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Tuesday, April 14, 2020

The Chocolate Lady’s 2020 Vegetarian Peysekh Survival Guide


"Preparedness" A common theme in the Yiddish press in 1916.  Frequently Uncle Sam and doughboys are seen taking up arms against the enemy.  Here Jewish women and girls arm themselves against khomets.

Oh, my beautiful ones, how do I even send a document with the word "survival" in it? Survive.  Make whatever you want.  When I started this guide in 1995, it was my intention to share ideas for meals my friends would be able to make easily with minimal ingredients and equipment, but somehow over the intervening years, as my experience and batterie de cuisine have grown, it got to the point where I was telling you to make corn-free cornflakes with plantain flour. Now folks who have never baked a potato find themselves staring into the bumpy, russet abyss.  Take my hand.

How to Bake a Potato

Potatoes

Scrub potatoes thoroughly.  If you wish, you may coat them lightly with butter or oil.  Place in an oven heated to 450F.  If you have something in the oven baking at 400F or even 350F that is fine.   Bake for an hour or slightly longer.
You need not pierce the potato, and you may not wrap it in aluminum foil (all right, just this year, because of extraordinary  circumstances I will allow you to wrap your potatoes, I will even allow you not to peel your asparagus, just don't get used to it). 



Here is my recipe for Unplugged Ajvar, and links to sixteen fabulous recipe videos.
Here is the delicious Melitsana Matzo Pita that has been the star of the final nights of Peysekh Chez Chocolat for many years.

Here in the most wonderful vegan spinach thing ever.


Some valuable paraliturgy has emerged.  I have found these helpful.

Tkhine for a plague from 1916

Prayer to stop the plague in Bombay 1896. Deliverance was brought by Dr. Waldemar Mordecai Hafkine.

Minimalist guide to Passover  

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Wednesday, April 08, 2020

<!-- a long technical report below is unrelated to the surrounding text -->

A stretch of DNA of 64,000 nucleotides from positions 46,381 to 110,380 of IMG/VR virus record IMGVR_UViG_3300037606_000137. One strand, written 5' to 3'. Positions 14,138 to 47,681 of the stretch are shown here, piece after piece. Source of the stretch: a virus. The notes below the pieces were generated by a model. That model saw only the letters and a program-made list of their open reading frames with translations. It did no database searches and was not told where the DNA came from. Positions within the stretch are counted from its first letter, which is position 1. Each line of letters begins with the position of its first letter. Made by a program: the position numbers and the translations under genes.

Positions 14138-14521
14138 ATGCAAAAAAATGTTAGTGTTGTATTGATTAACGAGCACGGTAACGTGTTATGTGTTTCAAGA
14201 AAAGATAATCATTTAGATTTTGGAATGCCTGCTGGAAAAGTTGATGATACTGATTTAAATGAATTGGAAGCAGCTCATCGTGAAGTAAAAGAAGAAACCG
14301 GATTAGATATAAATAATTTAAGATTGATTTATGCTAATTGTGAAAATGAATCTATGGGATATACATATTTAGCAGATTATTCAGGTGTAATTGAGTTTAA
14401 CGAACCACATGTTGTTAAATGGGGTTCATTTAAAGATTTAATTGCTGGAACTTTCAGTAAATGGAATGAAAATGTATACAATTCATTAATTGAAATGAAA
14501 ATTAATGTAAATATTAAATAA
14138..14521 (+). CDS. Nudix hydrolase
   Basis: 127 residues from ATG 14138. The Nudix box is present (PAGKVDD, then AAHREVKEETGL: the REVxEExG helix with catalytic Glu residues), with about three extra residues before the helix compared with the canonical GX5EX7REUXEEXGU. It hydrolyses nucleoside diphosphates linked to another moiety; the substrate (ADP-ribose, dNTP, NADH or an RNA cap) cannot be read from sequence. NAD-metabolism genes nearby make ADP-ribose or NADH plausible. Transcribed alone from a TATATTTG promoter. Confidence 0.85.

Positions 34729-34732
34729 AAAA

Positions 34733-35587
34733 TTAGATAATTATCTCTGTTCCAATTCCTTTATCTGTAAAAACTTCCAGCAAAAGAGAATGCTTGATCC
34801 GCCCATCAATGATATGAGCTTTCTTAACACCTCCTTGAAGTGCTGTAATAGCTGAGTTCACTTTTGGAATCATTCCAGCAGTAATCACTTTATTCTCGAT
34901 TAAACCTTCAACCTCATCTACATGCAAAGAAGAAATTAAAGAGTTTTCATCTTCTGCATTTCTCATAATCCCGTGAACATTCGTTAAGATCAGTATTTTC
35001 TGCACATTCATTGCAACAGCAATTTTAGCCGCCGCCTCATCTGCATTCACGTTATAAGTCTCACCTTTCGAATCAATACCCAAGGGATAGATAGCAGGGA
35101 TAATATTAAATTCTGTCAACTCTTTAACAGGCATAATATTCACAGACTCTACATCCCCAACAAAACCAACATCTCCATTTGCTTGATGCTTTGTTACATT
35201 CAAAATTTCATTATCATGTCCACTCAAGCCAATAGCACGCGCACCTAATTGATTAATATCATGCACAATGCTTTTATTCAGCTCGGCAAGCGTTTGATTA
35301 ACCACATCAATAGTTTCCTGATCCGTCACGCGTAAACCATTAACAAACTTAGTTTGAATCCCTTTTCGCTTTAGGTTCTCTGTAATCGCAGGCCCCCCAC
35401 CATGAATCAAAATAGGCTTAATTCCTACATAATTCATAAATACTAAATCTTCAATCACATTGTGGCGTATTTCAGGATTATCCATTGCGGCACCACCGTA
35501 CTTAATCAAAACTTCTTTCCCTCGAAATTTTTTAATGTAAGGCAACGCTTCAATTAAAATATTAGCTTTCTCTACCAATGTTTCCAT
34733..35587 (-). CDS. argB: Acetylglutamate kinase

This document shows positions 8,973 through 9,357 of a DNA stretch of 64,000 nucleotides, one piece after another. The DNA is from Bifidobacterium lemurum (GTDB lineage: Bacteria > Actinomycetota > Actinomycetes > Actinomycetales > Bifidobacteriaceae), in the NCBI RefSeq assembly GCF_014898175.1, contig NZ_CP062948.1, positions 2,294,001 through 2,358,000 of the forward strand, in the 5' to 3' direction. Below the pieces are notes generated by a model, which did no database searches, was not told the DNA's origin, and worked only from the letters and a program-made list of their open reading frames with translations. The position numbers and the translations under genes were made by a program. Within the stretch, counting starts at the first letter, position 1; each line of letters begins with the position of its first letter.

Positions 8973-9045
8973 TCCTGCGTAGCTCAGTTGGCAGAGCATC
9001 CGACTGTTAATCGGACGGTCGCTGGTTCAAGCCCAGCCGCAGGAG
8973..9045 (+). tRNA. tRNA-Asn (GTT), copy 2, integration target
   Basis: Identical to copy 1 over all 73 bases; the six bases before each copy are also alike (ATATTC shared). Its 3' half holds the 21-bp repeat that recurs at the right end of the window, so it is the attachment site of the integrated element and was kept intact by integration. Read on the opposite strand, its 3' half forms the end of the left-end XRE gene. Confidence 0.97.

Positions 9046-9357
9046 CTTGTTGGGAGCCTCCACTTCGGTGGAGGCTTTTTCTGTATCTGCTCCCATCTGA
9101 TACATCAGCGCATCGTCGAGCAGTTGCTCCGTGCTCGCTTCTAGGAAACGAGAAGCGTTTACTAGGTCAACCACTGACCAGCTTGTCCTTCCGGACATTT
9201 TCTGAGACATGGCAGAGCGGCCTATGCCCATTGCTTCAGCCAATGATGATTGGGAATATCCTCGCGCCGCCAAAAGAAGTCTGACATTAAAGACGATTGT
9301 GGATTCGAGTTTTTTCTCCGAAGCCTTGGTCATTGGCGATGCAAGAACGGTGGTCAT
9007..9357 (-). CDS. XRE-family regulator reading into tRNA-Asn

סאַלאַט פֿון פֿעפֿערס און פּאַטלעזשאַנעס Unplugged Ajvar (Peppers and Eggplant)


Like many of you, I had ajvar for the first time at the Golden Festival I had been thinking for many years that ajvar would be an ideal companion for matzo if I ever made it myself.  This year, for our Simple Yiddish with Elena class here at UM, I finally did.  Most recipes will call for blending the ingredients in a processor, but I have none here, so I pounded them in a molcajete, and the results are pretty wonderful.


Unplugged Ajvar

1 medium eggplant
3-5 large red peppers (so that you have about twice as much pepper pulp as eggplant pulp)
3-7 garlic cloves (optional)
1 ancho chile or other chile (optional)
salt
1/4 cup olive oil
1 tablespoon wine vinegar or other vinegar

Broil the Eggplants and peppers as if preparing Melitsano Matzo Pita.  Peel the vegetables and chop fine. 
If using an ancho, toast it until puffed, and remove the stem and seeds. Tear into small pieces, place the pieces in a bowl and cover with boiling water.
Peel the garlic cloves, if using, and pound them in the mortar with a little salt (Or blend in the machine of your choice).  Drain the ancho, if using, and pound or blend with the garlic.  Add the eggplant and peppers, and blend or pound well.  Add vinegar and oil and adjust seasoning to taste.

Now you can use the ajvar as is, but it is even better if you transfer it to a saucepan and simmer for about half an hour on low heat to concentrate the flavors.


Rukhl and I have made a lots of things that would be quite at home spread onto a little matzo, and not half bad with raw celery, carrots, pepper strips, radish or turnip slices.